The CSSA program is rooted in social justice, setting a framework for graduates to deliver equitable and accessible student services programs and services, promote student learning, facilitate community development, and lead response to emerging campus issues.
A major in College Student Services Administration is generally completed in two to three academic years and requires a minimum of 54 graduate credits. Please note that assistantship guidelines require that all students employed as Graduate Assistants (GTAs or GRAs) with the University register for a minimum of 12 credits per academic term (summers excluded). Given this, full-time students with GAs will graduate with more than the 54 required credits.
CSSA 548: American Higher Education
CSSA 551: Prog & Functions of Higher Educ.
CSSA 513: Research & Assessment in H. Ed.
CSSA 510: Internship
CSSA 552: Student Development Theory I
CSSA 520: Multicultural Issues
CSSA 510: Internship
CSSA 553: Student Development Theory II
CSSA 530: Fundamentals of Counseling
CSSA 557: Professional Development in Higher Ed.
This first degree option, the Master of Education (Ed.M.), is earned through successful completion of all required program coursework and successful completion and defense of a capstone portfolio. The capstone portfolio is a cumulative, comprehensive, and reflective form of student assessment. Completing a portfolio requires that the student address each program competency in a comprehensive, meaningful, and creative way. The portfolio “product” can be shared in any number of formats, including, but not limited to: writings, pictures, audio or video clips, and electronic media (websites, CDs, PowerPoint documents, etc.). No specific format is required or preferred. Students are asked to utilize the format that is most compatible and appropriate given their strengths and learning. Students are strongly encouraged to develop and assemble numerous and diverse artifacts in meeting the competencies on an ongoing basis. Final portfolios are distributed to and evaluated in writing by a committee just prior to the last term of coursework. A public, formal committee meeting with oral presentation and defense serves as the second method of evaluation.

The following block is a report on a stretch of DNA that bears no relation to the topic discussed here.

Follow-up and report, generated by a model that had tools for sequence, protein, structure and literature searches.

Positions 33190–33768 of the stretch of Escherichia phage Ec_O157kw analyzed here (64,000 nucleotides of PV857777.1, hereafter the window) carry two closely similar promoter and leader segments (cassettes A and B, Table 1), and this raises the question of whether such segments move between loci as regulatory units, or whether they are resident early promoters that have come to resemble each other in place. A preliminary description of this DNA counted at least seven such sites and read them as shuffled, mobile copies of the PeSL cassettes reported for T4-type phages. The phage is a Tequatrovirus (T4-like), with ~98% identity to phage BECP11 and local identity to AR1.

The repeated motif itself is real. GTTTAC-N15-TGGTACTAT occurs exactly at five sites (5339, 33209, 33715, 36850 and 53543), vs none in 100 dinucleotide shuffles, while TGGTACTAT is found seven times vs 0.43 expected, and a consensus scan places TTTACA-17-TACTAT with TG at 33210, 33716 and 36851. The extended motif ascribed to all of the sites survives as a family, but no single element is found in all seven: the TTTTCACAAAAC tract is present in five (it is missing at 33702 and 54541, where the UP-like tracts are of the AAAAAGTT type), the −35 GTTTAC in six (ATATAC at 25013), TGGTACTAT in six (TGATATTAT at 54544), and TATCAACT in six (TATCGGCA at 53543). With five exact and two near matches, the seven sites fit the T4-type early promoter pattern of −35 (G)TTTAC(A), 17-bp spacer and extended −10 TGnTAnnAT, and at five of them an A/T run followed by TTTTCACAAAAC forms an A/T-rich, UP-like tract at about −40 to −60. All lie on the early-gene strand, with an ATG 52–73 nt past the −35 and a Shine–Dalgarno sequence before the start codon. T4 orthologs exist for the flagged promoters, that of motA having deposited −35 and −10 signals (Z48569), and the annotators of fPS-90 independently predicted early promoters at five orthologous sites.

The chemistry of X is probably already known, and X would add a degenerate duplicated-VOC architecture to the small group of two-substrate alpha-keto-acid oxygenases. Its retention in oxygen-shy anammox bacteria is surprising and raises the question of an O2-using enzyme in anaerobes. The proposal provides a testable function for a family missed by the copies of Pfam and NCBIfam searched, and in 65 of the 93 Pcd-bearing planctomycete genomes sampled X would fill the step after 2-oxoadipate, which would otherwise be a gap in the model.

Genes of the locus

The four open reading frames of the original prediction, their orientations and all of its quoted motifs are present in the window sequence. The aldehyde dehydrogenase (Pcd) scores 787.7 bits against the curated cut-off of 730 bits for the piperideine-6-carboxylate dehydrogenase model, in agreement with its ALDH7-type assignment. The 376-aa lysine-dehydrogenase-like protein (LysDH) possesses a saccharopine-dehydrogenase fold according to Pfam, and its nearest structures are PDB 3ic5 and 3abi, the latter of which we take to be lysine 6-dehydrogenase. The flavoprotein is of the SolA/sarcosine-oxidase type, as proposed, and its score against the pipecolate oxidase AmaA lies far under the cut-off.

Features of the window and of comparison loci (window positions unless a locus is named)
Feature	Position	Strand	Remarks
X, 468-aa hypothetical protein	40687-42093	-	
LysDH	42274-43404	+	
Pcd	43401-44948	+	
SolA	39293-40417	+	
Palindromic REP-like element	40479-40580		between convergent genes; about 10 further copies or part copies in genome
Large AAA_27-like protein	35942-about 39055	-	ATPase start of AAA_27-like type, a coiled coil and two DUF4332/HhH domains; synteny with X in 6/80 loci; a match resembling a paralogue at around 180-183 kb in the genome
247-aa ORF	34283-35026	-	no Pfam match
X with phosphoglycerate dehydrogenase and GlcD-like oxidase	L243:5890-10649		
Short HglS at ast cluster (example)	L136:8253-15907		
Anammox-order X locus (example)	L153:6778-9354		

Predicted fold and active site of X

The second degree option, the Master of Science (M.S.), is earned through the successful completion of all required program coursework and successful completion and defense of a thesis. In addition to the required coursework and the thesis, students pursuing the M.S. degree must also demonstrate adequate evidence of competence and learning in each of the nine CSSA competency areas. Demonstration of this evidence may take the form of an extended/detailed competency plan with select work samples or other methods approved by the major professor. This demonstration need not be a portfolio, but it should still show adequate evidence of competency mastery. The thesis research should be significantly reflected in the demonstration.
Shortly after the end of the inaugural workshop to incorporate Indigenous studies into Oregon outdoor education, a Portland-area educator approached the presenters.